A 1 hour performance featuring a 20 channel Frankenstein video organism that has taken over the abandoned R&D Pub in the Stata Center at MIT. Most of the technology used in the installation is e-waste collected from the loading docks in the basement of Stata as well as other campus dumpsters or obsolete equipment borrowed from the Theater Arts tech closet.
The old, broken, discarded guts of MIT that have been abandoned in dumpsters and dusty closet corners amidst the rapid development of advanced technology are salvaged, stripped down, and sutured together into a delicate system.
Glass tanks are suspended from 20ft above ground containing the insides of CRT TVs as well as liquids and wires, numerous digital monitors are scattered around the room, and a tangled network of cables, wires, and tubes circulate water, power, air, and signal throughout the space. The organism is sprawled across the pub, manifesting itself through the 20 screens that act as windows to its soul.
The performance, along with the 20 channel video, involved reconfiguring the organism’s wirings, hydrating it by filling in and draining tanks, and letting its disembodied voice inhabit me through speech.
There is one right way for a machine to work, but everything breaks in its own way. Each piece of hardware and every algorithm it runs has a character that is exposed in its flaws. In an error, a machine opens up an exclusive side of itself to you. It is an open wound out of which technology flows raw and free, no longer confined in its manufacturer’s definition of utility. Sometimes it drips like a leaky faucet. Other times it is an overflowing stream that gushes through the cracks and drowns you in the unexpected colors of its full potential. This work is my attempt to serve as an acolyte for the machine’s catharsis born out of failure.
The final media distribution system for the 20 live channels and 2 static channels on 6 CRTs, 15 LCDs, and 1 projector, was a network of 3 computers (one RTX 3060, a laptop and a mini PC), 4 video splitters, 2 media players, 3 USB video devices, 6 HDMI to RCA converters, 3 RCA to RF converters, 2 HDMI to VGA converters, 2 analog cameras, 1 RCA to VGA converter, 1 RCA switcher, 1 RCA splitter, 1 small hidden monitor, 2 Frankensteined VGA cables, lots of VGA cables, DVI cables, HDMI cables, a couple DVI-VGA adapters, and a sliced RCA cable.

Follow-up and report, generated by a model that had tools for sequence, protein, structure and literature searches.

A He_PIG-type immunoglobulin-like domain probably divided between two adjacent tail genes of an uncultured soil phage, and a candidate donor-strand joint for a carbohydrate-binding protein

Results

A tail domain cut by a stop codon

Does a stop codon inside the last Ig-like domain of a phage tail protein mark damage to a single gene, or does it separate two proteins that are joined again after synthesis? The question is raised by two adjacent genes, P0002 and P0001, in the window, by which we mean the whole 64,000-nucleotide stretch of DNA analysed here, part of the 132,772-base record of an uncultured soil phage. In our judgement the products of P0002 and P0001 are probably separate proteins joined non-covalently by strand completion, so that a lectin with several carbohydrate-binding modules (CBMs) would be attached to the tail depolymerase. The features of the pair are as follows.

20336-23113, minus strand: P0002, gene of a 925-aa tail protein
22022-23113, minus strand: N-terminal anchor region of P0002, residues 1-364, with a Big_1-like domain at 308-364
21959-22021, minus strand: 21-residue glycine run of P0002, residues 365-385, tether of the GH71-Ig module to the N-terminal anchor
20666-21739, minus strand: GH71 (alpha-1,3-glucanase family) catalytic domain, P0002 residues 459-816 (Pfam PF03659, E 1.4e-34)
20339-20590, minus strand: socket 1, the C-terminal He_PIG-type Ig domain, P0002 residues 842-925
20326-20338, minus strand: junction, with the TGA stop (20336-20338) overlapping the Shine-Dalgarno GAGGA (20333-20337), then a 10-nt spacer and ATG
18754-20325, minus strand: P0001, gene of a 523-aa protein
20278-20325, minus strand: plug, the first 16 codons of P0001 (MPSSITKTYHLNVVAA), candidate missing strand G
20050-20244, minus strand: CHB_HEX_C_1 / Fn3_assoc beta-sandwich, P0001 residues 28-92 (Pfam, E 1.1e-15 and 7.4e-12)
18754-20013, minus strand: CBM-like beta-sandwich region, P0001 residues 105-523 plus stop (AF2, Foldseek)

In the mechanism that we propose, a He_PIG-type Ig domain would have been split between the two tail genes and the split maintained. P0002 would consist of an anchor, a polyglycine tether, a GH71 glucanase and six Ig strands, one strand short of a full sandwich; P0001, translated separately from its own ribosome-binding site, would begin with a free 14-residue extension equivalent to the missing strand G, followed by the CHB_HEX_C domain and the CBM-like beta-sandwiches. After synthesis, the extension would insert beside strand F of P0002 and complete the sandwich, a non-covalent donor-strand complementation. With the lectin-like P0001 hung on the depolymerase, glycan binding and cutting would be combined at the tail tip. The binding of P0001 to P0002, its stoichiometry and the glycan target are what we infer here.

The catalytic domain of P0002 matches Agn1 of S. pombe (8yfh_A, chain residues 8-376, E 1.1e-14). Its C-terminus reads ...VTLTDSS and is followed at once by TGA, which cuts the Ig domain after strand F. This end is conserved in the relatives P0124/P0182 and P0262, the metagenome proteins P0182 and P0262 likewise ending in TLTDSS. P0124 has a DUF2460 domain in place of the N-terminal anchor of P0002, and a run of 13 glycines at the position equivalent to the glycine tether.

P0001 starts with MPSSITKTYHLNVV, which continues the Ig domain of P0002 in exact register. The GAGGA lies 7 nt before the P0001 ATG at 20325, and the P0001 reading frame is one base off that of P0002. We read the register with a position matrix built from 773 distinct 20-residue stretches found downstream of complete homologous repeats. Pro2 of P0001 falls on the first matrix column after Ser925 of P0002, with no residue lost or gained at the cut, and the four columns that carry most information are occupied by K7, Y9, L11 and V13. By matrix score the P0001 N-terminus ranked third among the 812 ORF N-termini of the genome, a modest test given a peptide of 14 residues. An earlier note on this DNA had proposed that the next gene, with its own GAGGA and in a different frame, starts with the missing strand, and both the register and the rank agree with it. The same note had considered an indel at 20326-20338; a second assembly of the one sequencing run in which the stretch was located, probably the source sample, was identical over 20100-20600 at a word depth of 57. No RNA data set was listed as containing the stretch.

On top of this media distribution network was another network of 3 aquarium bubblers, an oxygen supply, and 2 liquid pumps circulating oil between two tanks and 3 pumps circulating water between two tanks and the bar sink as well as a manual process that involved filling a tank with water from the soda gun and manually dripping it into a wine glass with a pipette from the second floor.
For structural support we relied on many existing objects in the space like the counter around the room, but 2 19” CRTs in 20” cube tanks and 3 smaller tanks full of water were suspended on a structure of steel pipe we built with a height of 20ft from the ground, supported on 3 points on the second floor and one on the first.
I found the abandoned R&D Pub wandering around MIT CSAIL one day, and through a series of emails with CSAIL and MIT Dining, I created a one year residency for myself in the space starting from the fall of 2022. I created a project proposal with my advisor Josh Higgason which included a 10 page safety plan which had to be approved through many different departments. This included the Council of Arts at MIT who provided a grant to fund the project. A team of 8 MIT staff from campus planning, construction, environment, health, and safety, and facilities, as well as external structural engineers joined the project to help advise on safety.
I did what I could with barely any budget a one year nightmare cycle of wrangling, wrestling, and fighting through mysterious breaking, crashing, taking apart, fixing, believing, and giving a piece of trash one more shot.
Josh Higgason for getting my TVs to fly, for sharing all of your weird old video gear with me, and for telling me that this would be easy, MTA as always for equipment, Mark and Heather from MIT Dining, Alan, Joe, Kyle, Alec, and all involved from Campus Planning, Campus Construction, EHS, and Facilities for ensuring the safety of this project, people of Stata, my teachers and advisors for putting out fires while I put all my energy into this, my friends Blue, Bolzan, Abe, Artem, Bryan, Mei, Luke for helping me put this all together. Documentation by Yoshi Saito.